The third panel, “Fanfiction to Fiction,” was one that both my girlfriend and I were really looking forward to.  Last year I was the prestigious winner of the First ever ACC Fanfic contest; this year I entered it along with my girlfriend, who took the crown away from me.  So we both went into this panel with high hopes.  Within seconds however, those hopes were shattered.  Eventhough two of our author friends came in to sit in on the panel with us, it was not they who were running the panel but the guy from COO-IE.  This time he was far from boring, instead he was confusing.  In one sentence he told us that fanfiction was worthless because it did not allow you the room to learn how to be creative enough or how to write things properly, but then in the next sentence he would say that fanfiction was worthwhile because it gave you a chance to practice writing things correctly.  Huh?  Somehow we got off topic and onto TV writers, at which point he basically said they all suck and told us how he had tried to be a TV writer and found that they played games and didn’t tell newbies how to play.  The general feel of this panel was “I used to write fanfic but somehow got burned by it so I no longer enjoy nor endorse it, just like I tried to write for TV and got burned by it so now all TV writers suck.”  Not only did this panel not give us anything useful but it lasted about 10 minutes into the next panel!  Thankfully, the next panel was run by Linda Cowden and Kevin Ranson, and they talked about some of the things they disagreed with Mr. Coo-ie on and most of their points were things we too were thinking.  The only good thing to come out of it didn’t even come from the main speaker of the workshop but the discussions afterwards and that was this: to not tell publishers that you write fanfic.  Simply put, when trying to publish your own works, don’t tell people you practice in someone else’s playground.  What made this panel even more of a disappointment was the fact that on the way home, I read an article in the newest Trinity Gateways newsletter.  Why does this make it worse?  Because as I read this article, I found myself saying “Wow this is exactly what the panel SHOULD have been!  I wish my friends from Trinity Gateways had been the ones to run this panel!”  If you would like to read this article simply follow this link http://trinitygateways.net/Newsletter 202011-07.pdf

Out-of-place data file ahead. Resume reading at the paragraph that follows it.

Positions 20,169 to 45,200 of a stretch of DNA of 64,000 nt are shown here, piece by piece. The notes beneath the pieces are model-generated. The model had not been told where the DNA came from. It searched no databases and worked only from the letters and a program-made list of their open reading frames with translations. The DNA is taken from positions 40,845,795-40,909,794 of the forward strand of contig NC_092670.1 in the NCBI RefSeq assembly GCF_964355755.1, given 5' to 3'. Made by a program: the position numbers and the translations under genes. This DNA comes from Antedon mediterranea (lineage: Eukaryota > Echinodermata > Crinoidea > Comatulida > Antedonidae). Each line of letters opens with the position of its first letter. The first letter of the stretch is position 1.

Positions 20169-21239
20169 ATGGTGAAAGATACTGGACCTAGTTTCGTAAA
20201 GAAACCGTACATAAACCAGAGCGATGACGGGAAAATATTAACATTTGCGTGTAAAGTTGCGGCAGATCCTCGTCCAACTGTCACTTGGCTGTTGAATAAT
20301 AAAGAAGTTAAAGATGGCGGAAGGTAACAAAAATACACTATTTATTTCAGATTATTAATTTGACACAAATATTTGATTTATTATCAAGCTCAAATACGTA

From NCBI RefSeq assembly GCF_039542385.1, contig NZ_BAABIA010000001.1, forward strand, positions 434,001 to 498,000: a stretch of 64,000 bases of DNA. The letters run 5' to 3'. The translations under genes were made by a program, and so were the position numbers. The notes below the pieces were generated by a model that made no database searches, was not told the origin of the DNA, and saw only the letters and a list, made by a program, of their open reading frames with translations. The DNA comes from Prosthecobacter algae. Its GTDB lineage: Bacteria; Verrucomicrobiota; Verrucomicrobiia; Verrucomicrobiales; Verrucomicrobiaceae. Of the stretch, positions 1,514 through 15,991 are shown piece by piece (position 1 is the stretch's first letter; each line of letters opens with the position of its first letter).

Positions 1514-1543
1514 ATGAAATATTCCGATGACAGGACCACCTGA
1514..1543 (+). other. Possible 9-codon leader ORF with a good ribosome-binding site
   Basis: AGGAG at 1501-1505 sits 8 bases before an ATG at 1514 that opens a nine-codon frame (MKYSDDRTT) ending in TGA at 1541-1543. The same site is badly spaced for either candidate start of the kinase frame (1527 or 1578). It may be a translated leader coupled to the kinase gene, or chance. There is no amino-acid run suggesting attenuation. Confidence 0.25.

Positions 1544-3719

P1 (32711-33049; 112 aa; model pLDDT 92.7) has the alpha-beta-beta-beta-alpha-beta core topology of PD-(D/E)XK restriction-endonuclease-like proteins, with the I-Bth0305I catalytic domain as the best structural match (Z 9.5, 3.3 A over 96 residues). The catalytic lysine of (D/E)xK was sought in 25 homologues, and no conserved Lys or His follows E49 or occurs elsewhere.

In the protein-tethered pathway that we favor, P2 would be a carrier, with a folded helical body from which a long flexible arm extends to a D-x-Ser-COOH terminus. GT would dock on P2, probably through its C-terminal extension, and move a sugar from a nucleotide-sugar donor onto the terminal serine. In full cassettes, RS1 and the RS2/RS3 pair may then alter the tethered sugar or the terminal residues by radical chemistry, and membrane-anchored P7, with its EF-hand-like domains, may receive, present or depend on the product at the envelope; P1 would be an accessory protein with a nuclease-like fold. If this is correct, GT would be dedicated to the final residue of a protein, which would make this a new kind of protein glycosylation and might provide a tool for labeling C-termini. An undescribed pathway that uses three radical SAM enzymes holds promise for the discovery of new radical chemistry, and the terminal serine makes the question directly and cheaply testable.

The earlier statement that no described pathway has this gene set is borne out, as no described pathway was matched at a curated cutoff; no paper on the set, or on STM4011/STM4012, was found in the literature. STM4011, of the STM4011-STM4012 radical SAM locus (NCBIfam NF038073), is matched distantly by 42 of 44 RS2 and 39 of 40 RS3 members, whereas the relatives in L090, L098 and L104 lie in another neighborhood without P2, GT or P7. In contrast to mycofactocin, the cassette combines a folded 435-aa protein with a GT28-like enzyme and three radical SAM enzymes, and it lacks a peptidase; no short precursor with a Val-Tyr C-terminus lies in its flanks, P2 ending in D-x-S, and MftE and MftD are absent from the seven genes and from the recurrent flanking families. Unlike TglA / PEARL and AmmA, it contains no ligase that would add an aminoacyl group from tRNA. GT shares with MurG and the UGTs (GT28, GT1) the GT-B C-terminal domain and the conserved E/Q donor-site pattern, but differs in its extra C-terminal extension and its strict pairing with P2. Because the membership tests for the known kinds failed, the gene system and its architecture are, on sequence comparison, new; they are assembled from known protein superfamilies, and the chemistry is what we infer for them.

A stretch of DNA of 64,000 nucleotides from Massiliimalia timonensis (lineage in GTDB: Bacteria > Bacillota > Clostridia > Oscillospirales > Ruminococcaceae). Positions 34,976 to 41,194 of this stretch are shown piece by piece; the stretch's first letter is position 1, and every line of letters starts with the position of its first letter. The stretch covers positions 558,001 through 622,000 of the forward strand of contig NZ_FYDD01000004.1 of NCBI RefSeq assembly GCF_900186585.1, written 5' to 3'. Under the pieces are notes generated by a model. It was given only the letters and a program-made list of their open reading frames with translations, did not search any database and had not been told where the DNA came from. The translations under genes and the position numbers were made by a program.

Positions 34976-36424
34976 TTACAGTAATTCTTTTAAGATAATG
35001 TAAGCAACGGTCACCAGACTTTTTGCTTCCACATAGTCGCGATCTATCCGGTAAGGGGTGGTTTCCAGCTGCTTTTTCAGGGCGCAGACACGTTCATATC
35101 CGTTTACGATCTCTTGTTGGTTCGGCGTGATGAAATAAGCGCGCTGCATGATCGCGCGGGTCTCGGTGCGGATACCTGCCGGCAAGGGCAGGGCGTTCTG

Now please do not think that I am bashing panels and was terribly disappointed with the panels.  For the most part, I found the panels at Ancient City Con to be very informational, entertaining , and enjoyable.  It was just these three panels that really left a bad taste in mine and my girlfriend’s mouth.  But rest assured, we will be writing about the other wonderful panels that we enjoyed very soon, so check back and relive the best and most interesting panels of ACC!

1 thought on “Ancient City Con review: the panels part 1

  1. Fanfiction, from what I have seen both online and in the mindset of writers from my country, is considered very much as either black or white. It seems to me that somehow they fail to put it in between, which, to me, personally it’s annoying. Some, if they heard you write fanfiction, dub you as a complete loser, completely unable to think up your own stories and limited by other people’s creativity. Others, on the other hand, think it’s something grand and even better than normal literature. To me, it’s simply writing. It can be good, bad, mediocre or downright astonishing. I write fanfiction and I am proud as hell by the works I have written. I read tons of fanfiction and many of the stories I have read where a million times better than novels that I have seen published and reaching bestseller status worldwide. But, that is far from an absolute. Just as I have read cringe worthy books, I have read cringe worthy fanfics.

    However, what I cannot really come to terms with, is the whole “don’t tell you write it” attitude. History has brought to print hundreds of pastiches. One needs only to look at Sherlock Holmes’ “sequels” to see that. Some were insanely good; some weren’t worth the ink and paper paid to print them. So why is it that it’s ok to say that you wrote and even published pastiches, but not that you write fanfiction, which for all intents and purposes is almost the same? I cannot get that mentality.